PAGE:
Moving the Needle on the Bullying Meter With Dance: A 'Soft Space' Nonprofit Yields Solid Results

It was while working with students in Bogotá, Colombia, that she had a flash of insight -- that movement, dance and other forms of kinesthetic learning increase student engagement and serve as an organic and effective means of teaching empathy-based conflict resolution skills.
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Working behind the scenes of the glaring headlines highlighting the escalating violence and bullying in our schools, Move This World founder and CEO, Sara Potler LaHayne has been leading a quiet revolution. Using dance and movement as a vehicle for empathy education, she is empowering students, teachers, parents and community stakeholders with effective tools to peacefully resolve conflict.

It was while working with students in Bogotá, Colombia as a Fulbright Scholar, that she had a flash of insight -- that movement, dance and other forms of kinesthetic learning increase student engagement and serve as an organic and effective means of teaching empathy-based conflict resolution skills. Soon afterwards, Move This World was born.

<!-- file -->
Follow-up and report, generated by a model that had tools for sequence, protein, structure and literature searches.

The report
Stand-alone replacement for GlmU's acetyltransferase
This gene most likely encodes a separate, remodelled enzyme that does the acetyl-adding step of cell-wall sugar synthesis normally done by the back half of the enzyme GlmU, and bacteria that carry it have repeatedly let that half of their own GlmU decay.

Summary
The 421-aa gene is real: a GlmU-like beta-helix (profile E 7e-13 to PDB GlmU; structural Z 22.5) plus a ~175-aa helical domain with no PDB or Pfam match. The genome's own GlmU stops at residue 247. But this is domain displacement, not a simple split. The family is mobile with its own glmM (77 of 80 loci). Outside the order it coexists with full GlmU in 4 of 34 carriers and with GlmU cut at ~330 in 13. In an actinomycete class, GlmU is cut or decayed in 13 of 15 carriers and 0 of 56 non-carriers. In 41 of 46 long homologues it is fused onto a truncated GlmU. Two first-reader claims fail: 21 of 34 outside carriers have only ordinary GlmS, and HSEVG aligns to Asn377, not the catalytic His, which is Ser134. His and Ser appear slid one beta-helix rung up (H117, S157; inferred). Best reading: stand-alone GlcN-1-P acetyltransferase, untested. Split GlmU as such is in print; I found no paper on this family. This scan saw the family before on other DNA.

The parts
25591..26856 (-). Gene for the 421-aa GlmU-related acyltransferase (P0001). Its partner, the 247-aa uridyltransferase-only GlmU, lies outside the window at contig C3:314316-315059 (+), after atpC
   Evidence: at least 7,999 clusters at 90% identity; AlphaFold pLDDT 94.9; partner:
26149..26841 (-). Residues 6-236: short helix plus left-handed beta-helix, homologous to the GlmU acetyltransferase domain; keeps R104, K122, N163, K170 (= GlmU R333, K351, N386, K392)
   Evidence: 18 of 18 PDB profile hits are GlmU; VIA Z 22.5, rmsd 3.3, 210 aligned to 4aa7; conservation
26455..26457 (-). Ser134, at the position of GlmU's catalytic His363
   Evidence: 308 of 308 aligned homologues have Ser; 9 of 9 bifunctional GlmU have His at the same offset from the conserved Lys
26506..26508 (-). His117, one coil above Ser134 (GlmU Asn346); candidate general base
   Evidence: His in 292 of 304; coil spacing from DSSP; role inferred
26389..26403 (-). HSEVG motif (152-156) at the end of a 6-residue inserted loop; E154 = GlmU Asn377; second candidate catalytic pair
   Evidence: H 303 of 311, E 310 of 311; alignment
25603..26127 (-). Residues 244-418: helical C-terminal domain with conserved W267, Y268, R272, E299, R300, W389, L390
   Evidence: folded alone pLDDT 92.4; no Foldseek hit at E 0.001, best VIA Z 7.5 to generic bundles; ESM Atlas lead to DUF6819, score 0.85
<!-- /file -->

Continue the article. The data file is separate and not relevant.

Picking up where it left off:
Recognizing that a root cause of conflict is the lack of empathy, building self-awareness is a key component of an effective empathy education curriculum. Lahayne believes,

If we don't understand ourselves as individuals, if we can't understand each other, if we can't put ourselves in each other's shoes, than it is virtually impossible to collaborate and support each other in solving the world's most pressing social issues.